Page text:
Leo Strauss

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Leo Strauss

Leo Strauss was a German-born philosopher. He was raised as an Orthodox Jew, but became an atheist later in life. He fled to the United States when the Nazi party came into power, and became a Professor of Political Science at the University of Chicago. He specialized in the study of classical political philosophy, such as the philosophy of Plato, Aristotle, Niccolò Machiavelli, Thomas Hobbes, Benedict de Spinoza, Søren Kierkegaard, Friedrich Nietzsche, and Martin Heidegger.

He has strongly influenced the shape of American Neoconservatism.

Some of Leo Strauss' students include Supreme Court Justice Clarence Thomas, Supreme Court nominee Robert Bork, former Deputy Secretary of Defense Paul Wolfowitz, former Assistant Secretary of State Alan Keyes, former Secretary of Education William Bennett, Weekly Standard editor William Kristol, political philosopher Allan Bloom, former New York Post editorials editor John Podhoretz, former National Endowment for the Humanities Deputy Chairman John T. Agresto; speech-writer for Barry Goldwater, Harry V. Jaff; former FrontPage Magazine editor, Robert Locke; and Nobel Prize winning novelist Saul Bellow.

Followers of Leo Strauss usually call themselves Straussians and have played a major role in introducing conservative ideas into political science.

Leo Strauss was a vigorous anti-globalist, writing in his book Natural Right and History, that "no human being and no group of human beings can rule the whole of the human race justly."

Some of Leo Strauss' main ideas were later popularized in Allan Bloom's influential book The Closing Of The American Mind.

Strauss contended that Martin Heidegger, building on the thoughts of Kierkegaard and Nietzsche, was "the thinker of our age". "The great achievement of Heidegger was the coherent exposition of the experience of Existenz... Kierkegaard had spoken of existence but within the traditional horizon... Heidegger tried to understand existence out of itself."[1]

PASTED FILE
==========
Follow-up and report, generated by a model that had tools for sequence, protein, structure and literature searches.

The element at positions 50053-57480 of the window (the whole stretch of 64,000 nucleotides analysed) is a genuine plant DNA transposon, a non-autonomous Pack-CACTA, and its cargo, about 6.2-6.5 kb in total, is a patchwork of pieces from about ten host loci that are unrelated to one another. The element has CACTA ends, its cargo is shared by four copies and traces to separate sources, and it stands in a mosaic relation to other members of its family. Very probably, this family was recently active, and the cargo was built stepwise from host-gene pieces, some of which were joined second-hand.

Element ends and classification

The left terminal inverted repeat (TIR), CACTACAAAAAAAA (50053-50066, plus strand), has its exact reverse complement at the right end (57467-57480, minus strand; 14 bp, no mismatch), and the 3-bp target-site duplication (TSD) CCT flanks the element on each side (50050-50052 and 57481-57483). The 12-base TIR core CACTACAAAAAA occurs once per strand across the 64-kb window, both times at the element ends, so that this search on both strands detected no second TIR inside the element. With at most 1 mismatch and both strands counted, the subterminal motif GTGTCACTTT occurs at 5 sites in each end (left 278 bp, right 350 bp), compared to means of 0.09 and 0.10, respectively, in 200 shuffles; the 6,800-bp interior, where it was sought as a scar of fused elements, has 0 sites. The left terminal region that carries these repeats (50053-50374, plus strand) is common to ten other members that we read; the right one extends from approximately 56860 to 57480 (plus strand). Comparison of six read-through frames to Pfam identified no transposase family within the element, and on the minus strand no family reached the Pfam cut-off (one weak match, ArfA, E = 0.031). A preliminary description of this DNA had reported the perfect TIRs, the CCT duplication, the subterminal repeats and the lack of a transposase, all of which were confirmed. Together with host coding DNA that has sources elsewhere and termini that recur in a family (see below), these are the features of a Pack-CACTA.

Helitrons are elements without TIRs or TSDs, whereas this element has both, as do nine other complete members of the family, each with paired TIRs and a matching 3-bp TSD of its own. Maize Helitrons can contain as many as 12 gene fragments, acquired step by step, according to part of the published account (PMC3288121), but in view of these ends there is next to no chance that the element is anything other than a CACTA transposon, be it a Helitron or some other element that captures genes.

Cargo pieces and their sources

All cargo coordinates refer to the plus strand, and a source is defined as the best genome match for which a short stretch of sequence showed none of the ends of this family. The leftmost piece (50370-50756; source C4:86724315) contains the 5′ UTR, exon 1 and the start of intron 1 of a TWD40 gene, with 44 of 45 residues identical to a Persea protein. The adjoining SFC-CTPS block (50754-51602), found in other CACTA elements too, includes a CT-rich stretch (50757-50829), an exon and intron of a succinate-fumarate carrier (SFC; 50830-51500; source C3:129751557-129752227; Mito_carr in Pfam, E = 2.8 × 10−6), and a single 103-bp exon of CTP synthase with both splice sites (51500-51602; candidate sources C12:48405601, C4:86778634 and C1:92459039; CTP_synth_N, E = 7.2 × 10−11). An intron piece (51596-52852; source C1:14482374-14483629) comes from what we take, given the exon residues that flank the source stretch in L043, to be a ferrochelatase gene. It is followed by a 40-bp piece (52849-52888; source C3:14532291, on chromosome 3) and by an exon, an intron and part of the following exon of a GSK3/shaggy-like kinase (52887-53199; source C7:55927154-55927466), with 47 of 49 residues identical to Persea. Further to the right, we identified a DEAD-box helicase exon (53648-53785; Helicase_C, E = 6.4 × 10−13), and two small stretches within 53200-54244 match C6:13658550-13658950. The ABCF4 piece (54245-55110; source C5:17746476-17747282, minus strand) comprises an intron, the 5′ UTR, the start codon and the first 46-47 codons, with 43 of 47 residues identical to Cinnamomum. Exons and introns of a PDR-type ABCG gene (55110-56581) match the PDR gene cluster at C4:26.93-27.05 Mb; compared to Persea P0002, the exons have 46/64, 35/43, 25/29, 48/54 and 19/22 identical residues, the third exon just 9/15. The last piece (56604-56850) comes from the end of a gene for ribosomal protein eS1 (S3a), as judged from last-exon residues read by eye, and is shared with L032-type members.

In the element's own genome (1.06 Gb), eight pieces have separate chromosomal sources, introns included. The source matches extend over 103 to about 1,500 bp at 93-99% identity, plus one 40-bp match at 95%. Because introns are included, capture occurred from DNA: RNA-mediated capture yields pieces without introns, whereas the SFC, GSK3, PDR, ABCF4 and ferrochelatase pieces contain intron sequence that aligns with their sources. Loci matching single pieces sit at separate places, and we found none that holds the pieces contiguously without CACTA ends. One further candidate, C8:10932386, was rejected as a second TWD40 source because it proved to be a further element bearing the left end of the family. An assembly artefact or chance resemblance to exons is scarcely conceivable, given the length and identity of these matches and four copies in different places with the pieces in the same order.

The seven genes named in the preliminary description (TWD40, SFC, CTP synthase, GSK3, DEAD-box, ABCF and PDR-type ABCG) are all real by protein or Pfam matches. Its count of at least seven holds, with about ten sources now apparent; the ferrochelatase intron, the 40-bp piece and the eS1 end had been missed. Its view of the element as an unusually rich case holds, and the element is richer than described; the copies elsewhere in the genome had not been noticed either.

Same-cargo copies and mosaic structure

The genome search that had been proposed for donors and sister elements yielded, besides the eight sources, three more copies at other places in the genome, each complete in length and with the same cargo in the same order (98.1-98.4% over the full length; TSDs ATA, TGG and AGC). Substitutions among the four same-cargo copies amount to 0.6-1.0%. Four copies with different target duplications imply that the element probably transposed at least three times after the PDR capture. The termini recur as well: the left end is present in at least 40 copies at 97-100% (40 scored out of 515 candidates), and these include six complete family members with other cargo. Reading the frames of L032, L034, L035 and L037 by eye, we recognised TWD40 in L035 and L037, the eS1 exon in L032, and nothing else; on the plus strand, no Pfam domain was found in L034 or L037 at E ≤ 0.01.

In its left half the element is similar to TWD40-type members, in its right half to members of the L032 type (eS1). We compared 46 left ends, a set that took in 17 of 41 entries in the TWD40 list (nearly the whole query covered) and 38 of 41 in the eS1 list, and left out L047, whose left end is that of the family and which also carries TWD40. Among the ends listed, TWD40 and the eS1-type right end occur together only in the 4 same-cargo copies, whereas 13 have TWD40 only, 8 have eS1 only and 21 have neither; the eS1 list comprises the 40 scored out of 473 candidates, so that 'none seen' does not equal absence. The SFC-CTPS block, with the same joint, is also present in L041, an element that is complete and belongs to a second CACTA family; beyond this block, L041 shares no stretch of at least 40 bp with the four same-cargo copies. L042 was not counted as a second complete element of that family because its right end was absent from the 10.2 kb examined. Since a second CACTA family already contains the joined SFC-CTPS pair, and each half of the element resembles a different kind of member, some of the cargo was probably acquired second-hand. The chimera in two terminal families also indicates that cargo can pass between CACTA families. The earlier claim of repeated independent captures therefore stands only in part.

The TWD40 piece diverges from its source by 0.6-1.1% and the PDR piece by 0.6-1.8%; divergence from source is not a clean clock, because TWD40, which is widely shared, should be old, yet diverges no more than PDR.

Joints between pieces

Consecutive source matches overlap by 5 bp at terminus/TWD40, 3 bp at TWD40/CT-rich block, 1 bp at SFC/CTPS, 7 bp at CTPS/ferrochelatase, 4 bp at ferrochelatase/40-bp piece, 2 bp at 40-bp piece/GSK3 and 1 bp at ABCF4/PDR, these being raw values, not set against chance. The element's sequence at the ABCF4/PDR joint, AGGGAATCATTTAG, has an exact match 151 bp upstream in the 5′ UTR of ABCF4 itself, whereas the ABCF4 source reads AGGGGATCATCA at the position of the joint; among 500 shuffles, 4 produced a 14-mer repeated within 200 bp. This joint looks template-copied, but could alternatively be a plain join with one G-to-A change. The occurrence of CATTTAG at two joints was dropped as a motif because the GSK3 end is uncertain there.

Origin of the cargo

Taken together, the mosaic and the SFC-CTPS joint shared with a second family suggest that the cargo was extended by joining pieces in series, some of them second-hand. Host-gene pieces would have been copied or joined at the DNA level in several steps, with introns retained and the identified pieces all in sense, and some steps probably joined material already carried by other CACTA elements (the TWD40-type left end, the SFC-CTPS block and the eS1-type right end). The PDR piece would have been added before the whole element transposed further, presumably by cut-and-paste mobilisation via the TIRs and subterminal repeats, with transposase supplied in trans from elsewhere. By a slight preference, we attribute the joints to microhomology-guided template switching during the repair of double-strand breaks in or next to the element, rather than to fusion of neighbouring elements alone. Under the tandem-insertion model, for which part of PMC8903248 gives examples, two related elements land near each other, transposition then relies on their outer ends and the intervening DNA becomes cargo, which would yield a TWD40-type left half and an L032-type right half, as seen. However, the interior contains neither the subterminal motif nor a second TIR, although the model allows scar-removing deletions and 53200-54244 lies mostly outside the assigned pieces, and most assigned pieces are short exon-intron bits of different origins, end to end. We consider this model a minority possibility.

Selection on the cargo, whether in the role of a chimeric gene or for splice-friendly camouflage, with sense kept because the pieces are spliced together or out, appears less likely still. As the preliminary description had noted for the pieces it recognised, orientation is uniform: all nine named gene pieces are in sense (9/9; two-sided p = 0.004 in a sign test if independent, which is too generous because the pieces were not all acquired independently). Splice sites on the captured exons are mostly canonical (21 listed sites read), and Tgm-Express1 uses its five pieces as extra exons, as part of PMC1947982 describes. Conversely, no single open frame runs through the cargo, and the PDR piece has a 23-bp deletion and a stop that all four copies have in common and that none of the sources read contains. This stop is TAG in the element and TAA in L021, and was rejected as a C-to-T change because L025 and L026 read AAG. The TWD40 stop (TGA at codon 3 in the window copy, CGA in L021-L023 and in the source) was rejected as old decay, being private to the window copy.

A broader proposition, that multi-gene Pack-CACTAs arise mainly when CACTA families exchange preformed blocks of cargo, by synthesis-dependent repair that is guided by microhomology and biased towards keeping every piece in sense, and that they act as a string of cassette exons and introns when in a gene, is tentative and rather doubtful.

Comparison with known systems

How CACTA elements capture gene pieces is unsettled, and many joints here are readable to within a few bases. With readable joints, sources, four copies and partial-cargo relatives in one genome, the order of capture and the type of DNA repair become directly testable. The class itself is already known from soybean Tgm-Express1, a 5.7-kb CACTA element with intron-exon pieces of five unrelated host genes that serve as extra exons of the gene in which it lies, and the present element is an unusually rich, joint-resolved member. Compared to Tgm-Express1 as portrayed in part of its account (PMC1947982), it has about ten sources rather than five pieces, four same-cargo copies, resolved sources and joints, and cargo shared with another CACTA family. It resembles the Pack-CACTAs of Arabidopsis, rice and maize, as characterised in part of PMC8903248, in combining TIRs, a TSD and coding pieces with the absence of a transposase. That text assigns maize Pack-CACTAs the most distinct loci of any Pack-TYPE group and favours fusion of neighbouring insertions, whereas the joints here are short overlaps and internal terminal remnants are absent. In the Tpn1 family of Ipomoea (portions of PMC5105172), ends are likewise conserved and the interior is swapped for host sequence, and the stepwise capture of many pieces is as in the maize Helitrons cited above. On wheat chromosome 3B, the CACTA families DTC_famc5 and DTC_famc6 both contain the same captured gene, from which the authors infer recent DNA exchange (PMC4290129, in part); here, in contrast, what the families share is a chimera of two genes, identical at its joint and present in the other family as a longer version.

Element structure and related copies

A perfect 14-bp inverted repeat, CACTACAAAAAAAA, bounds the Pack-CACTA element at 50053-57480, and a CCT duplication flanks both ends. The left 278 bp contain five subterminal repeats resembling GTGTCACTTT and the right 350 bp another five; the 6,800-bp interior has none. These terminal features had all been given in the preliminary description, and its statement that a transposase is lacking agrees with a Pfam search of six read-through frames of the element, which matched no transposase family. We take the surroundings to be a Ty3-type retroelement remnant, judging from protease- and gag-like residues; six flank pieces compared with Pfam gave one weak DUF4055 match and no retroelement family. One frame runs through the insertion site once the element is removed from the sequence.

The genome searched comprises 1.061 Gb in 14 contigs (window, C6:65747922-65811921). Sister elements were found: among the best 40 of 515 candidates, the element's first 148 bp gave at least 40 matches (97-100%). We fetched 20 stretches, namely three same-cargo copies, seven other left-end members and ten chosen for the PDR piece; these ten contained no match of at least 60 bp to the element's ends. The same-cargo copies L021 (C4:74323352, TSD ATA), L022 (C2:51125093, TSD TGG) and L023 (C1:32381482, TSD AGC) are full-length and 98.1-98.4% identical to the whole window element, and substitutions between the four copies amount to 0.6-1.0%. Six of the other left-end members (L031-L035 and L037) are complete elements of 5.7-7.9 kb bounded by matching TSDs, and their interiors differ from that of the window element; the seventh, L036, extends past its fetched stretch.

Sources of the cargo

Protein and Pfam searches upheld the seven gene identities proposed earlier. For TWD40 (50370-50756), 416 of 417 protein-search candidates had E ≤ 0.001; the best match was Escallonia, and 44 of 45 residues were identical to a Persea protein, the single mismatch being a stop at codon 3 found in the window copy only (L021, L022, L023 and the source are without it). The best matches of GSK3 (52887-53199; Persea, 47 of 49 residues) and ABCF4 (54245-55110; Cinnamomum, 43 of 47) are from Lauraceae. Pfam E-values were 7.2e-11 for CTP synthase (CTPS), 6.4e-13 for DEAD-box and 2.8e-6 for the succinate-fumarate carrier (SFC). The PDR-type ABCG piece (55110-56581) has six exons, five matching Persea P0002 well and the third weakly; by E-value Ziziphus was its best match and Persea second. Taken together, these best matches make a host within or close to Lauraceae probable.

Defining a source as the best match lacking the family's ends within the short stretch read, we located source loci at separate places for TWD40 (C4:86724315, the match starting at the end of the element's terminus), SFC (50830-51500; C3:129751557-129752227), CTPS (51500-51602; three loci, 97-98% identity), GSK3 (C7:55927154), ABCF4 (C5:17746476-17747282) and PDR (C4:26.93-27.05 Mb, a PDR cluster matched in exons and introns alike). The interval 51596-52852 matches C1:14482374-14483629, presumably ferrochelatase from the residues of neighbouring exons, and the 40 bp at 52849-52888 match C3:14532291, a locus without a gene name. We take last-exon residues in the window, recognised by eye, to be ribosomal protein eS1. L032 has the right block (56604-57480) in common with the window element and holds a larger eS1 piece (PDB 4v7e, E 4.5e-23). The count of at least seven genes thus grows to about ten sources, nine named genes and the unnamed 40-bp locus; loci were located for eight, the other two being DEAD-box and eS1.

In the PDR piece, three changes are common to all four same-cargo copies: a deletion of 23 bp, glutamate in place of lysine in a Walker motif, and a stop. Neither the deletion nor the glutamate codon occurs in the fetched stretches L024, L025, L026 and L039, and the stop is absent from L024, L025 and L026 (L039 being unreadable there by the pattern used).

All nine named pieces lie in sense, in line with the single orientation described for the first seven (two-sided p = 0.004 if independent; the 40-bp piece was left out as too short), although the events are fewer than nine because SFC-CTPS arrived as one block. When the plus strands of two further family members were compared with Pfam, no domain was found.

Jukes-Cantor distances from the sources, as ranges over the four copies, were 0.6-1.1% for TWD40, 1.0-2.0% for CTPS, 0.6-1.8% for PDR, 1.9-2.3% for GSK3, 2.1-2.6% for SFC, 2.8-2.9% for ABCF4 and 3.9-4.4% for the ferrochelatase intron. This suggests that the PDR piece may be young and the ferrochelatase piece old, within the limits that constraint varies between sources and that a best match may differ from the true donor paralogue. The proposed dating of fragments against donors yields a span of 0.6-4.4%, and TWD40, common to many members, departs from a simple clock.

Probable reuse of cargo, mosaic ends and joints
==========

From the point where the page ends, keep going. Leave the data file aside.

• Spinoza’s Critique of Religion (1965)
  • Philosophy and Law (1995)
  • The Political Philosophy of Hobbes: Its Basis and Its Genesis (1936)
  • The Spirit of Sparta or the Taste of Xenophon (1939)
  • On a New Interpretation of Plato’s Political Philosophy (1946)
  • On Tyranny: An Interpretation of Xenophon's Hiero (1948)
  • Persecution and the Art of Writing (1952)
  • Natural Right and History (1953)
  • Thoughts on Machiavelli (1958)
  • What is Political Philosophy? (1959)
  • The City and Man (1964)
  • Socrates and Aristophanes (1966)
  • Liberalism Ancient and Modern (1968)
  • Xenophon's Socratic Discourse: An Interpretation of the "Oeconomicus" (1970)
  • Xenophon's Socrates (1972)
  • The Argument and the Action of Plato's LAWS (1975)
  • Studies in Platonic Political Philosophy (1983)
  • The Rebirth of Classical Political Rationalism: An Introduction to the Thought of Leo Strauss—Essays and Lectures by Leo Strauss (1989)
  • On Plato's Symposium, (2001)
  • Faith and Political Philosophy: the Correspondence Between Leo Strauss and Eric Voegelin, 1934-1964 (1993)
  • Jewish Philosophy and the Crisis of Modernity: Essays and Lectures in Modern Jewish Thought (1997)


  1. Strauss, Leo. Rebirth of Classical Political Rationalism.